Interestingly, it’s when we lose the Sterling Cooper name that we’re reminded of the close connections between these characters. When Pete first learns the news, he takes Peggy into his office to give her a secret heads-up in case she wants to start job-hunting, but also to vent and express his fears about working for a different company. “I’ve never worked anywhere else,” he says, and like a mom reassuring her kid that he’ll make plenty of new friends on the first day of school, she tells him he’ll be great. Peggy gives Stan the same courtesy heads-up and, after a rough day of working with child actors, she tells him about the baby she had and gave up for adoption nine years ago. The partners go out for drinks after their fateful meeting with Jim Hobart, but they ignore his suggestion to “pop some champagne” and instead knock back a few beers. (Seriously, when was the last time we saw Don ditch his usual old-fashioned for a brewski?) Joan distributes hugs before she leaves for her date with Richard, and it looks like any animosity between her and Don leftover from last season is now gone. “We went down swinging,” she tells him. Before he takes off, Roger grabs Don’s face, tells him “you’re okay” and plants a kiss on his cheek.
In fact, whether or not they actually believe it, that optimism is echoed throughout the episode. “Whatever happens is supposed to happen,” says Pete. “Everything is going to be okay,” Peggy tells Stan when she reveals her decision to go to McCann. “This is the beginning of something, not the end,” Don insists to the buzzing office after the news doesn’t go over so well. They don’t seem to be listening, but what he says makes sense, at least for him. What’s in a name? Everything, but Don of all people knows that you can’t always stick with the one you’re given, and the McCann name will give him access to new heights—overall, a positive for someone who, as Roger notes, is “always reaching.”
—Pete and Peggy’s mutual understanding/friendship/whatever you want to call it is one of the most underrated aspects of the show. Any scene these two share is fantastic.
—This episode was directed by Jared Harris (who played Lane Pryce), so in a way, this former partner was also present and a part of the end of Sterling Cooper.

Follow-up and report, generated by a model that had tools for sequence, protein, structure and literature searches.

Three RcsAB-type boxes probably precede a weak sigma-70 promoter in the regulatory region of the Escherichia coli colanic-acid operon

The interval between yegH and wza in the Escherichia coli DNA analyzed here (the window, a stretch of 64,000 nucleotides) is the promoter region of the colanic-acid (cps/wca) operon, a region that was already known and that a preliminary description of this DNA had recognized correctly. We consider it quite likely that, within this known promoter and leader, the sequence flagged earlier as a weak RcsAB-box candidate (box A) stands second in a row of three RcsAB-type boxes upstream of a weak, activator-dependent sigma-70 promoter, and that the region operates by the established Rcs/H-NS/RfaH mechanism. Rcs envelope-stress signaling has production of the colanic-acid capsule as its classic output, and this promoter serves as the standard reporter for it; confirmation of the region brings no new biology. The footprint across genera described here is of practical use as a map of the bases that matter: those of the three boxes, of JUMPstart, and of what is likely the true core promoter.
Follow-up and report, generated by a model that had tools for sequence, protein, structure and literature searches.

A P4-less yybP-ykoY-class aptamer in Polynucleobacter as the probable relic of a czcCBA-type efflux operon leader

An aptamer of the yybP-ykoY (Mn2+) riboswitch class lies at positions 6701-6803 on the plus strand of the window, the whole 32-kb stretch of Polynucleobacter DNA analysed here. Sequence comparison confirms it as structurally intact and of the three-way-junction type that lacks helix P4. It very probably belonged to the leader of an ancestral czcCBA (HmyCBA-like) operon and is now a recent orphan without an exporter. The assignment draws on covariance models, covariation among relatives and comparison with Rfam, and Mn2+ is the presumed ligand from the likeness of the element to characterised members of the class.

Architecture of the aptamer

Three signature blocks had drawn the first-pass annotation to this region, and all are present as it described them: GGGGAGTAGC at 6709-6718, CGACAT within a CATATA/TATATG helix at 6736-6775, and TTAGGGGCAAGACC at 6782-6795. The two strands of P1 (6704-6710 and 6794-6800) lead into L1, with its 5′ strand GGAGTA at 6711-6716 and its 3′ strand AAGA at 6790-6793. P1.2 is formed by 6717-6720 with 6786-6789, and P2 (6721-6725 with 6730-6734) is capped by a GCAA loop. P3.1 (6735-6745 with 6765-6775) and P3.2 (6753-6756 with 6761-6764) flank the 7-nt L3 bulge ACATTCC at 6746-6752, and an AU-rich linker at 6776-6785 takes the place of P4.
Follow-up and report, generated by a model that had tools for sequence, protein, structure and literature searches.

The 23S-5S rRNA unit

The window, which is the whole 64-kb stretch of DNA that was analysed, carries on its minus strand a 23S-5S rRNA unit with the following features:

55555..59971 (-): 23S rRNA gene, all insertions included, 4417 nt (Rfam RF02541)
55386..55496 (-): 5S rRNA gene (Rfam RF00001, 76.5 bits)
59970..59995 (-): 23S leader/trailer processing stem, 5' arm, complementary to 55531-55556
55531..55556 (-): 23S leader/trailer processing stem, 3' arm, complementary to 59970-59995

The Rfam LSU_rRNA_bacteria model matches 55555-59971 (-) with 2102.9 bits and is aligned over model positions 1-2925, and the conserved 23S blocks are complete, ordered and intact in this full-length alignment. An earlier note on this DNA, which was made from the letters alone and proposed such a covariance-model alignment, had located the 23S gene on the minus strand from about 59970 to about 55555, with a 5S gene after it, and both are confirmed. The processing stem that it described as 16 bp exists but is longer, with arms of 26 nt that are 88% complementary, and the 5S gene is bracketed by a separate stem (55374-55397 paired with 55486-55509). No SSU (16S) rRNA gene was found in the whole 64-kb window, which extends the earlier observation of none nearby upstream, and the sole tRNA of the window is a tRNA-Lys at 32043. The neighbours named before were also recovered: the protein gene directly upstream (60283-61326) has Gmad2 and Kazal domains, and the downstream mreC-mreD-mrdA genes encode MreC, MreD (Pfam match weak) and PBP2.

—I love that Pete’s inability to swear results in him saying “poop” in a business meeting.
— “I don’t care how bad it is, it’s not that bad.”
—Great week for Stan/Peggy ‘shippers. Now that Elaine’s out of the picture, is it possible these two can take things to the next level?
— “Boldness is always rewarded.”
—Is the revelation that Ted is dating an old college girlfriend in New York the only resolution to his thing with Peggy we’re going to get? It seems like these two have both moved on.
—It has been too long since we’ve had a really great Pete episode, but this one did not disappoint.
—Of course Pete’s ancestors murdered a family while they were sleeping because the king ordered them to. Of course they did.
— “Greenwich, Connecticut is built on divorce money!”
— “How do I describe California in a way that doesn’t make them jealous?” Oh Don. Your California dream is officially dead for the next four years.
— “You can’t punch everyone.”
— “The city’s become a toilet.”
—It’s possible this will be the last time we see Trudy, and if so, I’m glad she and Pete seem to be in a good place with each other, finally.
—Peggy’s comeback to the stage mom who was mad that her daughter stapled her finger under her watch was fantastic: “You shouldn’t have abandoned a child in a midtown office building.”
—Diana’s gone, hopefully for good. With only three episodes left, we can’t be wasting any more time on her.
—Roger also had a pretty good zinger for Don after an incredulous Don was skeptical about his relationship with Marie: “When I married my secretary, you were hard on me, and then you went and did the same thing.”
—If Mad Men took place in present times, that last phone conversation between Peggy and Stan would have taken place entirely via Gchat.